Profile: Modern Fantasy, Urban Fantasy
I have to give this to Jim Butcher: he knows how to drag a series past its expiration date. Changes, book twelve in this somewhat mammoth sequence, took some major risks and really shook up the Dresden formula. And ended with a hell of a cliffhanger. It was/is such a big cliffhanger that I can’t actually talk about the plot of Ghost Story at all without spoiling everything. So where does Butcher take this embarrassment of storytelling riches? Straight back into the ground. Or do I mean grind?
Butcher had such a great opportunity to do something different with Ghost Story. The protagonist had been shoved conveniently off camera, and at just the perfect pivotal moment that his absence would actually have a major impact on the shape of the supernatural world. The status quo had been shattered, with all the nice power vacuum implications therein. And the supporting cast had really come into their own, putting up a sizable fight with the big bad at the end of Changes, even without Harry’s help. The setting, the book title, even the metaplot was begging for a one off novel that could focus on the people who are normally sidelined to Harry’s megalomaniacal hero complex. It could have been soooooo good!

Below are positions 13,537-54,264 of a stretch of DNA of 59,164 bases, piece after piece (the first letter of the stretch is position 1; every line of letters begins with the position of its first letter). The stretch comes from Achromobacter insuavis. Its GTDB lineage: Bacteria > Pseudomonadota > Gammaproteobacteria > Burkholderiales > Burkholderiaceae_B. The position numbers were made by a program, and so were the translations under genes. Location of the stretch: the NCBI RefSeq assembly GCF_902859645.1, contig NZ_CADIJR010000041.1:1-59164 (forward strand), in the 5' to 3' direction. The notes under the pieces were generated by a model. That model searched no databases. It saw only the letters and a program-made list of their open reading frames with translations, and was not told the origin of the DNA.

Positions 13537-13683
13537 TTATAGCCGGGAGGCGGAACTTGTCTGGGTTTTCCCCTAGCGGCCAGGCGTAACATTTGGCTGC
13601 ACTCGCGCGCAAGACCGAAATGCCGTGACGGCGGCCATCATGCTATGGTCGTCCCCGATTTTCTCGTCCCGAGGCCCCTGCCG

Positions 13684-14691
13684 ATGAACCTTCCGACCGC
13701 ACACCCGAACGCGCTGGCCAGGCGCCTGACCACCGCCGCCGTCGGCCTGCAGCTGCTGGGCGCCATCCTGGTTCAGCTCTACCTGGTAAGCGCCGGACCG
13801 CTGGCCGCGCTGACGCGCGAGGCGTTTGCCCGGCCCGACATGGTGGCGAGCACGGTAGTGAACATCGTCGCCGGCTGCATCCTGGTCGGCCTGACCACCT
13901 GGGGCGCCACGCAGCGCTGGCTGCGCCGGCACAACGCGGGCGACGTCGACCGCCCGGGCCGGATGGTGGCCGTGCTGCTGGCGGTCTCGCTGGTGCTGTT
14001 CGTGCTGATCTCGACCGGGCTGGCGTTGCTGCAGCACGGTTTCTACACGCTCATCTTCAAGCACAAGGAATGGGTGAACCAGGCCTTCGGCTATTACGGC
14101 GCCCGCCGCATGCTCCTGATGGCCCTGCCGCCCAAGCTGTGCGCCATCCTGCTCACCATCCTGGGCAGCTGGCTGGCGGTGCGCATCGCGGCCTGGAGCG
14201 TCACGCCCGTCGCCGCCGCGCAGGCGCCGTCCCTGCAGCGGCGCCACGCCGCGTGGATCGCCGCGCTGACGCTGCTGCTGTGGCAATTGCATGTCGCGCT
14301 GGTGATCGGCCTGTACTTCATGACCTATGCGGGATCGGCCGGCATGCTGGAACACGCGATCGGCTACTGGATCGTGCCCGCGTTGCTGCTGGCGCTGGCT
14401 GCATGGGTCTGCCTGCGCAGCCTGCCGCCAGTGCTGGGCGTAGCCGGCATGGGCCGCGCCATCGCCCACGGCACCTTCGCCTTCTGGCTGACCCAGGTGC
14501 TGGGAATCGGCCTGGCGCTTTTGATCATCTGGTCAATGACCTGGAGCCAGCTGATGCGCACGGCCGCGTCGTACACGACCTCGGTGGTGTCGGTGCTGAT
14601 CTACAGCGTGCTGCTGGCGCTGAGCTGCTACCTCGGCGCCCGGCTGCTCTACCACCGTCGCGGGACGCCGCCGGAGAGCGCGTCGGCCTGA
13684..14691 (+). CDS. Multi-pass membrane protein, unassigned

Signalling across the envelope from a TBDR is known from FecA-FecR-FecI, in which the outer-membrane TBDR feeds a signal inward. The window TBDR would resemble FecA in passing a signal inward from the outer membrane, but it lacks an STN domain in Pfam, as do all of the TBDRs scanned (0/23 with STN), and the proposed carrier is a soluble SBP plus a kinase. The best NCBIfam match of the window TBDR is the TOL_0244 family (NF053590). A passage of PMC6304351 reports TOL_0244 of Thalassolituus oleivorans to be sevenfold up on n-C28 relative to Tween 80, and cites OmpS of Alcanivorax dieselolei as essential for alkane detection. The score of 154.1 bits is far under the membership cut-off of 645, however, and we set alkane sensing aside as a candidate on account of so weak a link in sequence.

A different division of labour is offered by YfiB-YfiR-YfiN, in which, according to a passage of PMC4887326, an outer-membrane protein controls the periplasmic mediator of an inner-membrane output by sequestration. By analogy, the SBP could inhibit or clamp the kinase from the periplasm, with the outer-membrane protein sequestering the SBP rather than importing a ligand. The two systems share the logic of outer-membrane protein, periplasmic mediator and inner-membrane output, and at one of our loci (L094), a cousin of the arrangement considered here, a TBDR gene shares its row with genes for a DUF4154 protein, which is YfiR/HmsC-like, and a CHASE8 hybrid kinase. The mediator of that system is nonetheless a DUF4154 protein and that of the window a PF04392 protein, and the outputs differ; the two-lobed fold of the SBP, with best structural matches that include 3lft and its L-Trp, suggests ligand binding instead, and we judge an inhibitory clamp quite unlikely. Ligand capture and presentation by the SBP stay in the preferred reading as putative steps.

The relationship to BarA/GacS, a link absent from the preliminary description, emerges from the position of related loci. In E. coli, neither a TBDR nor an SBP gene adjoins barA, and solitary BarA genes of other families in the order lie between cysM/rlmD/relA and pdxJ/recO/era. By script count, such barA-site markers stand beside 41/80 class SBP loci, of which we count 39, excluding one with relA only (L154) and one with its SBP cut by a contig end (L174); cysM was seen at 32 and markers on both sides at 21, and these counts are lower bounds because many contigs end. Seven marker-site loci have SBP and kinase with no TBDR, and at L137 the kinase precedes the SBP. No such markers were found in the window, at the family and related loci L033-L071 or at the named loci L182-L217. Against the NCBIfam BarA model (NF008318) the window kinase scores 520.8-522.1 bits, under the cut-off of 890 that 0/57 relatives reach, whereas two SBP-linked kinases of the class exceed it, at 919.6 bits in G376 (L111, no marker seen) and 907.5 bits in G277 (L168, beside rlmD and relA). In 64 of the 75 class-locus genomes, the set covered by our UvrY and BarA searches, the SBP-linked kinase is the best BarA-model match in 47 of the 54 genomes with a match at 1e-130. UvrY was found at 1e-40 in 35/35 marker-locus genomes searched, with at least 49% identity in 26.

HALFWAY POINT! WOO HOO!
This is the fourth book in the series, so there are minor spoilers for the previous three books.
Harry Dresden is still a Wizard. Like Harry Potter, if Harry Potter was more of a sasshole. The Red Court of the Vampires has declared war on the Wizard’s Council. It’s Harry’s fault. Of course. Harry gets sucked into doing errands for the Winter Court of the Faeries and their political machinations. It’s all really convoluted and if you are interested, you should just read the book. Honestly, I finished it a couple of weeks ago and I don’t remember much of what happened. I like this series, but I don’t love it as much as I probably should.